Charles B. Campbell. This prominent resident of Minco, an extensive farmer and landholder in that section and president of the First National Bank at
Chickasha, is one of the old timers in the Chickasaw Nation and has Chickasaw Indian blood in his veins. Throughout his career Mr. Campbell has been closely associated with E. B. Johnson & Brothers, and it can be said to the credit of both of them that they always obeyed and respected the laws of the Indian Nation, however inequitable their provisions may have seemed.
Mr. Campbell and the Messrs. Johnson have the unique relationship of double cousins. Charles B. Campbell was born at Fort Arbuckle in Indian Territory in 1861, the only son of Michael and Adelaide (Johnson) Campbell. Adelaide Johnson was a sister of the father of the Johnson brothers, while Michael Campbell was a brother of the mother of Mr. Johnson. Adelaide Johnson’s father was Charles Johnson, a native of England, who came to America and was living in Mississippi when the Indians were transferred from that state to Indian Territory. Charles Johnson married a Chickasaw woman, who was born in Mississippi, and both came with the members of the tribe west of the Mississippi. Charles Johnson occupied a government position among the Indians, was for many years a merchant, but spent his last years in New York City. Michael Campbell was a native of Ireland, and on coming to America first located at Corpus Christi, Texas, and from there moved into the Indian Territory, where he married Miss Johnson. During the war between the states he held the rank of major in the Confederate army, and towards the end of the war in 1865 lost his life by drowning. His widow is still living at the age of seventy-three. Her only daughter married William Renniey of Tishomingo.
Charles B. Campbell was sent to Nebraska to attend school, though his actual home has been the Indian Territory and Oklahoma all his life. At the age of seventeen he was placed in charge of a ranch at Council Grove, Indian Territory, and lived there until his removal to Minco a few years later. From almost the outset he was regarded as a man of tried and trusted capacity in the industry of stock raising and farming, and it has been chiefly through his operations in that field in the old Chickasaw country that lie laid the basis of his success.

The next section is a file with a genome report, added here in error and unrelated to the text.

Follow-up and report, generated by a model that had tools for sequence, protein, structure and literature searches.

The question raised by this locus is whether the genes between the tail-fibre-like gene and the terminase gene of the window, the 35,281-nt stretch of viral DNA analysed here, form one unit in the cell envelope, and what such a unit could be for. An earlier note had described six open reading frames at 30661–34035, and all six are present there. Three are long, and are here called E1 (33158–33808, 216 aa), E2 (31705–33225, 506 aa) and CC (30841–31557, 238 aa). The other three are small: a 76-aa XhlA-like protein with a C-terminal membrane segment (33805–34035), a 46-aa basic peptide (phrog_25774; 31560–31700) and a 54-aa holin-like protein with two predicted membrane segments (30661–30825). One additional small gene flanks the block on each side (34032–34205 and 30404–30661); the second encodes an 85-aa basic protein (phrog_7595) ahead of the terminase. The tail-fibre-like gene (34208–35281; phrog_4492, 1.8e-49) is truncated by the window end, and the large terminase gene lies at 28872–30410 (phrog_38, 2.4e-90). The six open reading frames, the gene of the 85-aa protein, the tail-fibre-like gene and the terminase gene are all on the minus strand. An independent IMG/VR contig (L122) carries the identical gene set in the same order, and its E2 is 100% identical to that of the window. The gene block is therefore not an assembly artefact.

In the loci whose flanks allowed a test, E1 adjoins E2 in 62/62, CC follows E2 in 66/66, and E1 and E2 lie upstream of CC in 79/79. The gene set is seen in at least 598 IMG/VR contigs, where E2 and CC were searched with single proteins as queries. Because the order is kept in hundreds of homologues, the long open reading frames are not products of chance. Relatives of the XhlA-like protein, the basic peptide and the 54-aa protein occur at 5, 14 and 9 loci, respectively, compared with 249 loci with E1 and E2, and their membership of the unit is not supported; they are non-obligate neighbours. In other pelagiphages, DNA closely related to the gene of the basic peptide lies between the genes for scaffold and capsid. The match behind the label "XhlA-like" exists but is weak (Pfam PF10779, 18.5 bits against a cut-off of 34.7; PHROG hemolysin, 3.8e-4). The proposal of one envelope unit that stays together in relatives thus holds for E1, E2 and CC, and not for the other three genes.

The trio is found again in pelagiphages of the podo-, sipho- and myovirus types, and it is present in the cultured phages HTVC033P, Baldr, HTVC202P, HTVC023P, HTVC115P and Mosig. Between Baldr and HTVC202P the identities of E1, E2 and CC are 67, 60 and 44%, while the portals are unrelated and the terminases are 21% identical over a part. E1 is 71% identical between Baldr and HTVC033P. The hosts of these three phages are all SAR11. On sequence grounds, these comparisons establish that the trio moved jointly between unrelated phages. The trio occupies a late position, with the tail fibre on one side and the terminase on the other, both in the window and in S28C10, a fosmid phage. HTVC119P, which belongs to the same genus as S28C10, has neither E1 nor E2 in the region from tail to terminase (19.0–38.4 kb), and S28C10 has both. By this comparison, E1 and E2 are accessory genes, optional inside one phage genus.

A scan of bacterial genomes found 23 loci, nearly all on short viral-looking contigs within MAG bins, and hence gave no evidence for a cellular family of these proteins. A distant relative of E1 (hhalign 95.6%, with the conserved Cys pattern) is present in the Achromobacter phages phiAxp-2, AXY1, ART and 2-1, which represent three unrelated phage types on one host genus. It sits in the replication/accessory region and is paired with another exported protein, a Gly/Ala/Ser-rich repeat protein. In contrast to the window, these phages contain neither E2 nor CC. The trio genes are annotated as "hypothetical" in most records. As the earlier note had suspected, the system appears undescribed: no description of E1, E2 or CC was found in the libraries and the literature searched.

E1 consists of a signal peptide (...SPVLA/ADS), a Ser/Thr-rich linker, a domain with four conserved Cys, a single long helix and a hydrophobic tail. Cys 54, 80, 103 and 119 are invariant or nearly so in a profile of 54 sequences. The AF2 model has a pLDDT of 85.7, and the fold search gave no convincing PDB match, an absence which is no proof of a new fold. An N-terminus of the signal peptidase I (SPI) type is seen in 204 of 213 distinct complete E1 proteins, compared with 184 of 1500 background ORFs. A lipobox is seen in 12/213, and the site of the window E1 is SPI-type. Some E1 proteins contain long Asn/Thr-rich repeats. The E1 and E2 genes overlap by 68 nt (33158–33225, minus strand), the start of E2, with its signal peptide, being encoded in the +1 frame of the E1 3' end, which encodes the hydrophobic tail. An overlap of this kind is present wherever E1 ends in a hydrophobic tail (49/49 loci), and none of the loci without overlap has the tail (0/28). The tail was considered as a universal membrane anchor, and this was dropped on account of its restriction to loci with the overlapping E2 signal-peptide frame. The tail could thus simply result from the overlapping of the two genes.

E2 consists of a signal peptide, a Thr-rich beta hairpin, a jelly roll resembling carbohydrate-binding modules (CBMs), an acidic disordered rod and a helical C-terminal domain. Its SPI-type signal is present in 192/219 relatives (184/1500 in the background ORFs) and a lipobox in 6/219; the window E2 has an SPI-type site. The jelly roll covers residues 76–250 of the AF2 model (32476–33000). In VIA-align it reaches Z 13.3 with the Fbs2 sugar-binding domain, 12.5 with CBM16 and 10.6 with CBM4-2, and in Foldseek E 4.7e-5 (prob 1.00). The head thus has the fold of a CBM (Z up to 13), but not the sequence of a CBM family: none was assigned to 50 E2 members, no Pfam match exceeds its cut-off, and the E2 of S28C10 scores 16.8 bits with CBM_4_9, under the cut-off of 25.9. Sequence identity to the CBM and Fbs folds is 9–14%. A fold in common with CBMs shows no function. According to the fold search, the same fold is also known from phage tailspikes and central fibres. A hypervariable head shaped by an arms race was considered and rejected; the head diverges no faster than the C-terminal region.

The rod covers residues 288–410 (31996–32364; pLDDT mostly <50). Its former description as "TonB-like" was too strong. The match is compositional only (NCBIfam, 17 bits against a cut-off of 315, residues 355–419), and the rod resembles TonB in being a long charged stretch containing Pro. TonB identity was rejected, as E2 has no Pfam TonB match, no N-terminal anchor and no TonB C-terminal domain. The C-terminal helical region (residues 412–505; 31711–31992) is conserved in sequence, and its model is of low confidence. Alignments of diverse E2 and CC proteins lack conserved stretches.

For the past quarter of a century Mr. Campbell’s name has been identified with banking affairs. In 1890 he was one of the organizers of the Bank of Minco, which in 1897 became the First National Bank of Minco, and he has served continuously on its board of directors since its inception. In 1900 he became one of the organizers of the First National Bank of Chickasha, and since that date has been president of the institution. This is one of the largest and best managed banks in Western Oklahoma. It was organized with a capital stock of $25,000, and in 1915 a report to the government shows capital and surplus combined of $260,000, with deposits of $875,000.
Mr. Campbell for many years has taken a prominent part and interest in Masonic work. His first degrees were received in Lodge No. 7 at Elm Springs, Indian Territory, and he subsequently became a charter member of Anadarko Lodge No. 21, Ancient Free and Accepted Masons, and a charter member of Minco Lodge No. 112, and served as master of the latter lodge for seven years. He is also a member of the Royal Arch Chapter and the Knights Templar Commandery, of India Temple of the Nobles of the Mystic Shrine, and has taken the Scottish Rite degrees up to and including the thirty-second.
In 1884 Mr. Campbell married Miss Margaret Williams, daughter of Mr. W. G. Williams, who was one of the early pioneer settlers of Indian Territory. To their marriage have been born seven children: Anna Belle, who is the wife of A. H. Witherspoon of Oklahoma City, and the mother of a son, A. H. Witherspoon, Jr.; Charles W., Mary Ellen, Milton B., Stella, Bernadine and Effie May Campbell, all of whom reside at Minco, Oklahoma.